of machines that serve and soothe and pamper
and entertain     we have seen their flags and
foot prints on the moon     also the intricate
rubbish left behind     a wastefully ingenious
people     many it appears worship the Unknowable
Essence     the same for them as for us     but are
more faithful to their machine made gods
technologists their shamans

oceans deserts mountains grain fields canyons
forests     variousness of landscapes weathers
sun light moon light as at home     much here is
beautiful     dream like vistas reminding me of
home     item     have seen the rock place known
as garden of the gods and sacred to the first
indigenes     red monoliths of home     despite
the tensions i breath in i am attracted to
the vigorous americans     disturbing sensuous
appeal of so many     never to be admitted

something they call the american dream     sure
we still believe in it i guess     an earth man
in the tavern said     irregardless of the some
times night mare facts we always try to double
talk our way around     and its okay the dreams
okay and means whats good could be a damn sight
better     means every body in the good old u s a
should have the chance to get ahead or at least
should have three squares a day     as for myself
i do okay     not crying hunger with a loaf of
bread tucked under my arm you understand     i
fear one does not clearly follow i replied
notice you got a funny accent pal     like where
you from he asked     far from here i mumbled
he stared hard     i left

must be more careful     item     learn to use okay
their pass word     okay

crowds gathering in the streets today for some
reason obscure to me     noise and violent motion
repulsive physical contact     sentinels     pigs
i heard them called     with flailing clubs     rage
and bleeding and frenzy and screaming     machines
wailing     unbearable decibels     i fled lest
vibrations of the brutal scene do further harm
to my metabolism already over taxed

The Counselors would never permit such barbarous
confusion     they know what is best for our sereni
ty     we are an ancient race and have outgrown
illusions cherished here     item     their vaunted
liberty     no body pushes me around i have heard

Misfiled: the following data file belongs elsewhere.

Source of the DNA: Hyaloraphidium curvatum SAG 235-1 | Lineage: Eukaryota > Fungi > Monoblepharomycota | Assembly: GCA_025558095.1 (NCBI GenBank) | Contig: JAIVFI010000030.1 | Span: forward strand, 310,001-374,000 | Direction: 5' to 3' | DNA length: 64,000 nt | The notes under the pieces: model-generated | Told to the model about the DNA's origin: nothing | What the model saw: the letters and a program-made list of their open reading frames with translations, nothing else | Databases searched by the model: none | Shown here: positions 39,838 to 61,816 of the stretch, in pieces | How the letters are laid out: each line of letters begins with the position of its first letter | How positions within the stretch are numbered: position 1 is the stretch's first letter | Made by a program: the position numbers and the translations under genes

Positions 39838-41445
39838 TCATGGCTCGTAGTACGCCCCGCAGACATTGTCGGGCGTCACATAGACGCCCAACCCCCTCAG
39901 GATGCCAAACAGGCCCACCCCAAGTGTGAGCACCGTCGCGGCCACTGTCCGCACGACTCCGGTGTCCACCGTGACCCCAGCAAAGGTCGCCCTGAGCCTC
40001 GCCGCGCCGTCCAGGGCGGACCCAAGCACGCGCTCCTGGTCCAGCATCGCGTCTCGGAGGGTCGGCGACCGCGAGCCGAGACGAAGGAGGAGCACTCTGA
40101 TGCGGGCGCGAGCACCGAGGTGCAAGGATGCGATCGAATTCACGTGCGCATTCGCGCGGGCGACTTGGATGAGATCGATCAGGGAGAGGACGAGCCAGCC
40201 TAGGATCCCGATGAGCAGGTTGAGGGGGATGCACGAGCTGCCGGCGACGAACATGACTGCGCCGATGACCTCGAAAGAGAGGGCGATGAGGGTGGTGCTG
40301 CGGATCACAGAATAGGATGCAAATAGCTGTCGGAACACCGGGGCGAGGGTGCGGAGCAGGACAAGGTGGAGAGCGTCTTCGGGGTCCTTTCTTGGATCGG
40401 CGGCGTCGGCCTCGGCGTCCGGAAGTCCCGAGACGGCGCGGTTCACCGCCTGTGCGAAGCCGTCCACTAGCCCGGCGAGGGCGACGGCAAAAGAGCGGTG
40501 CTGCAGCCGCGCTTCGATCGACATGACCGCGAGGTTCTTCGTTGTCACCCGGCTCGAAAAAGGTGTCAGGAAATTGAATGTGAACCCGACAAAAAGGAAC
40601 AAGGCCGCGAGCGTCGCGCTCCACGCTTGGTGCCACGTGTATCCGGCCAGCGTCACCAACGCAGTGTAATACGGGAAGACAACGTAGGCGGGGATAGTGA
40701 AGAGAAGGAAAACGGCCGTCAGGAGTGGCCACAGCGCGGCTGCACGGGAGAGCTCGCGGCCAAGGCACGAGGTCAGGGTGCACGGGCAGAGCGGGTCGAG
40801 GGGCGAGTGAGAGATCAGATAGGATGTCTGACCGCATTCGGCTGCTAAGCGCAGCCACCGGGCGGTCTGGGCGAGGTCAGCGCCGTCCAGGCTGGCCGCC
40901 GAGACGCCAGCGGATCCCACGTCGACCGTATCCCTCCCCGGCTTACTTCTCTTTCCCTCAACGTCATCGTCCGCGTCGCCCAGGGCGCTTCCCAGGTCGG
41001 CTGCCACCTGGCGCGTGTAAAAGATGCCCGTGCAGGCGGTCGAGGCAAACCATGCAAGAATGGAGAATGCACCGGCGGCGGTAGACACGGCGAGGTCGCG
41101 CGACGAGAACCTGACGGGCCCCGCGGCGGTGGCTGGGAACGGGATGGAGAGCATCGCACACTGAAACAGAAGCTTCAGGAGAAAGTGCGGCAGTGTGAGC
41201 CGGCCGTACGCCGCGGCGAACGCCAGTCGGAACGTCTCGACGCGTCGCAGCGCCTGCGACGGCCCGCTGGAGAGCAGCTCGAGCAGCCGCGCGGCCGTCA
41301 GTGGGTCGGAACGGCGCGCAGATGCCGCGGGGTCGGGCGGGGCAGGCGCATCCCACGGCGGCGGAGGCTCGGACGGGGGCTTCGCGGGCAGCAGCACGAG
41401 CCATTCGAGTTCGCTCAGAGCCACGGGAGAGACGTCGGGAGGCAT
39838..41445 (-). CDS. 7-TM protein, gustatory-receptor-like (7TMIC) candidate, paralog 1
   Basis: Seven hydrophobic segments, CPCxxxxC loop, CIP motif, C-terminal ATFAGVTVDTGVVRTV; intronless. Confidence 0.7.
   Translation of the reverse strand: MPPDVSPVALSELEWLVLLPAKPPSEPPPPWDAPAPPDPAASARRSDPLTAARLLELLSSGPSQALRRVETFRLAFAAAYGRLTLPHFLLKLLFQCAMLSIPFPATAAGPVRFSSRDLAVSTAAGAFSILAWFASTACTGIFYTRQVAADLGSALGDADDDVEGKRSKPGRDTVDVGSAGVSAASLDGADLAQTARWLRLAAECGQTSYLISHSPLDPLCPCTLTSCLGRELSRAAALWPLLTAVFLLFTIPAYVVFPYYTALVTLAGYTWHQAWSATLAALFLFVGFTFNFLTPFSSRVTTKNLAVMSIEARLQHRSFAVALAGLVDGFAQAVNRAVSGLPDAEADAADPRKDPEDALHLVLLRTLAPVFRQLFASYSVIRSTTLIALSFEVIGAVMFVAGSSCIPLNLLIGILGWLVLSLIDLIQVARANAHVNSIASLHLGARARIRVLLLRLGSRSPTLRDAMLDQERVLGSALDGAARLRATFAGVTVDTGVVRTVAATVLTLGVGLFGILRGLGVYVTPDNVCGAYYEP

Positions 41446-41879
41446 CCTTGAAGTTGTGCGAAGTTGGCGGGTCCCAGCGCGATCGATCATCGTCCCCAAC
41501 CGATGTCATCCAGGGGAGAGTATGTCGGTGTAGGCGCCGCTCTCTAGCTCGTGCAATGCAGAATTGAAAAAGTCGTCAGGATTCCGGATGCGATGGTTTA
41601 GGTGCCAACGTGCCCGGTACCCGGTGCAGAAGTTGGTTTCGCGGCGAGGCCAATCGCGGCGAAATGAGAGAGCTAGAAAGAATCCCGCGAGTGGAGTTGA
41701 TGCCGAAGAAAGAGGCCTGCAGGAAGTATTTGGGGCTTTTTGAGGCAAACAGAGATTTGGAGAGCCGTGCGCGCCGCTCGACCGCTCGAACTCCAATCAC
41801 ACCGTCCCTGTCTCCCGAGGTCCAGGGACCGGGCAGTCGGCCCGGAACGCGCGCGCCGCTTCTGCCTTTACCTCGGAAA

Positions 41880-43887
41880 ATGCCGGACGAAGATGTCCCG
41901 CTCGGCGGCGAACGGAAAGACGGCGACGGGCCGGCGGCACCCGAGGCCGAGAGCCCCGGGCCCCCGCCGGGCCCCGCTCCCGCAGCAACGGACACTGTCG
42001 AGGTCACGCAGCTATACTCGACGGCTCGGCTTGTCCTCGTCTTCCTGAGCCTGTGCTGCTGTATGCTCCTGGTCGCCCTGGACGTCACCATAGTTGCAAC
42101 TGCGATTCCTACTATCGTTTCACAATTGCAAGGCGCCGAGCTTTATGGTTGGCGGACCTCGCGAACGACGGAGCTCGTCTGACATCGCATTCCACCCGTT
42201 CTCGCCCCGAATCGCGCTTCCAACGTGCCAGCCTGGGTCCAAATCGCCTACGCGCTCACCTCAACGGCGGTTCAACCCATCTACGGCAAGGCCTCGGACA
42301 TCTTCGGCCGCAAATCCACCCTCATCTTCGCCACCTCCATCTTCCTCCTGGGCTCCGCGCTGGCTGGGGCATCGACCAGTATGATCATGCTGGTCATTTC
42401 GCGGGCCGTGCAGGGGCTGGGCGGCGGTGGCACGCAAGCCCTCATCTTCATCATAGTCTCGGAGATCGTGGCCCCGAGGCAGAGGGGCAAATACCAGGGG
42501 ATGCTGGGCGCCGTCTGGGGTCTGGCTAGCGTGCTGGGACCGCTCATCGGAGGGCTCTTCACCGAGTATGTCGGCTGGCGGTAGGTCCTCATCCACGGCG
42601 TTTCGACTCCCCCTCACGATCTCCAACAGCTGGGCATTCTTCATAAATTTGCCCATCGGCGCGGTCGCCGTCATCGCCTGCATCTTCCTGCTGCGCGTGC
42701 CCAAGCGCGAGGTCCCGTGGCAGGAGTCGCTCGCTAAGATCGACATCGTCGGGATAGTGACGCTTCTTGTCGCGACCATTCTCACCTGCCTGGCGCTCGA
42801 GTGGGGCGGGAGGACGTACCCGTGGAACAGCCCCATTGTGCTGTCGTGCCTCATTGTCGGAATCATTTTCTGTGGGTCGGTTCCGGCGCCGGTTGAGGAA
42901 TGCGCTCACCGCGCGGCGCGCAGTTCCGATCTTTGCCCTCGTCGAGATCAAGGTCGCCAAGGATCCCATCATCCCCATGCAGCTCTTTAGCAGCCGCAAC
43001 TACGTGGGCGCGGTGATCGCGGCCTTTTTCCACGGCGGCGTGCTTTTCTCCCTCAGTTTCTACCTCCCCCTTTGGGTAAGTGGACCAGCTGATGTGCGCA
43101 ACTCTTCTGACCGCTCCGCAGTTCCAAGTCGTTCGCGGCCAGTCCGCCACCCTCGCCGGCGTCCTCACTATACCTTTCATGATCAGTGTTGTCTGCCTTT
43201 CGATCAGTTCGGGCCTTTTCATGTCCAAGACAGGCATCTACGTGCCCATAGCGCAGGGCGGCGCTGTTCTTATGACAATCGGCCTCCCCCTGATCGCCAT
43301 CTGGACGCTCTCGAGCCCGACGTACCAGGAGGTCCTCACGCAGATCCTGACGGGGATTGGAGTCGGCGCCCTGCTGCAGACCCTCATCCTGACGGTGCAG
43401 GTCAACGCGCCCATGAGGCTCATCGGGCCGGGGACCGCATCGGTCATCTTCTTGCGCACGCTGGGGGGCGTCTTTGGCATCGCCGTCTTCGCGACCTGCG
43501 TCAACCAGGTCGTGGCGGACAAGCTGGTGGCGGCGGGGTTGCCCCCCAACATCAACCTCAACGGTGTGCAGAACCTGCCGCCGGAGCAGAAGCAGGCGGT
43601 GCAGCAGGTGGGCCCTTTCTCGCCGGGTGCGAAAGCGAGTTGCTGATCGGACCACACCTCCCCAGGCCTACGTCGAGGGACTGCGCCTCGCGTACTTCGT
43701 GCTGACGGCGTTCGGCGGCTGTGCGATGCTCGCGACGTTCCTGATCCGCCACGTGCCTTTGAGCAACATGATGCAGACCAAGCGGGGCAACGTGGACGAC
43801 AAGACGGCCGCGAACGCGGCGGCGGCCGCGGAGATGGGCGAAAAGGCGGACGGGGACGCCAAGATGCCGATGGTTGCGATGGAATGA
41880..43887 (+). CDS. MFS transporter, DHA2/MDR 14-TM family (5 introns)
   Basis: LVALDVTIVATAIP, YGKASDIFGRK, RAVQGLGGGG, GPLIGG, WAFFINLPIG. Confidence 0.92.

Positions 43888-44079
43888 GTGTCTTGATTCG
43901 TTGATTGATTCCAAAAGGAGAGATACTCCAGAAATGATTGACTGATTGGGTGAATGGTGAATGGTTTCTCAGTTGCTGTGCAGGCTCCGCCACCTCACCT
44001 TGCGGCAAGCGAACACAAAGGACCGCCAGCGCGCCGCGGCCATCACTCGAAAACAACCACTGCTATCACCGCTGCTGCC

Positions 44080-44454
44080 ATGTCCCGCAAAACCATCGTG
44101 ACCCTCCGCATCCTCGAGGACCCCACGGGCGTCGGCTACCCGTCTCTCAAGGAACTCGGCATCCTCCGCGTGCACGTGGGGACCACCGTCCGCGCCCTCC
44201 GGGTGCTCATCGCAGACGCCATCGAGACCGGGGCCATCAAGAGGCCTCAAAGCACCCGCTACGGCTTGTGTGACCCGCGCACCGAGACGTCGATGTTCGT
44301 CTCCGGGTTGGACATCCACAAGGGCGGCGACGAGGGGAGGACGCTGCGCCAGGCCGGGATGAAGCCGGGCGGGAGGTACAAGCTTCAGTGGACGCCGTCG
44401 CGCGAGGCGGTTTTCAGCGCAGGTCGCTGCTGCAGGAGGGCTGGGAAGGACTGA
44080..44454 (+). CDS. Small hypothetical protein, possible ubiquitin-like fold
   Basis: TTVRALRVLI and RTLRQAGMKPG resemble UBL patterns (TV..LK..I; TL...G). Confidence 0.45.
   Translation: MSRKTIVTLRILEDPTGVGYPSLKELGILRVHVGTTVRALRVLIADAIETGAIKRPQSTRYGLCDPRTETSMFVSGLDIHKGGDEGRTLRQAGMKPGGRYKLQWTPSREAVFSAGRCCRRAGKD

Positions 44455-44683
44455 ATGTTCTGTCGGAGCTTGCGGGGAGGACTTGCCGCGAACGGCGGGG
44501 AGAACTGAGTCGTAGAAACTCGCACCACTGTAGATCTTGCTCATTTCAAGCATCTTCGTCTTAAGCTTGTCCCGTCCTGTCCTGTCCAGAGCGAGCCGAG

them say     land of the free they sing     what do
they fear mistrust betray more than the freedom
they boast of in their ignorant pride     have seen
the squalid ghettoes in their violent cities
paradox on paradox     how have the americans
managed to survive

parades fireworks displays video spectacles
much grandiloquence much buying and selling
they are celebrating their history     earth men
in antique uniforms play at the carnage whereby
the americans achieved identity     we too recall
that struggle as enterprise of suffering and
faith uniquely theirs     blonde miss teen age
america waving from a red white and blue flower
float as the goddess of liberty     a divided
people seeking reassurance from a past few under
stand and many scorn     why should we sanction
old hypocrisies     thus dissenters     The Counse
lors would silence them

a decadent people The Counselors believe     i
do not find them decadent     a refutation not
permitted me    but for all their knowledge
power and inventiveness not yet more than raw
crude neophytes like earthlings everywhere

though i have easily passed for an american     in
bankers grey afro and dashiki long hair and jeans
hard hat yarmulka mini skirt     describe in some
detail for the amusement of The Counselors     and
though my skill in mimicry is impeccable     as
indeed The Counselors are aware     some thing
eludes me     some constant amid the variables
defies analysis and imitation     will i be judged
incompetent

america     as much a problem in metaphysics as
it is a nation earthly entity an iota in our
galaxy     an organism that changes even as i
examine it     fact and fantasy never twice the
same     so many variables

exert greater caution     twice have aroused
suspicion     returned to the ship until rumors
of humanoids from outer space     so their scoff
ing media voices termed us     had been laughed
away     my crew and i laughed too of course

confess i am curiously drawn     unmentionable     to
the americans     doubt i could exist among them for
long however     psychic demands far too severe
much violence     much that repels     i am attracted
none the less     their variousness their ingenuity
their elan vital     and that some thing     essence
quiddity     i cannot penetrate or name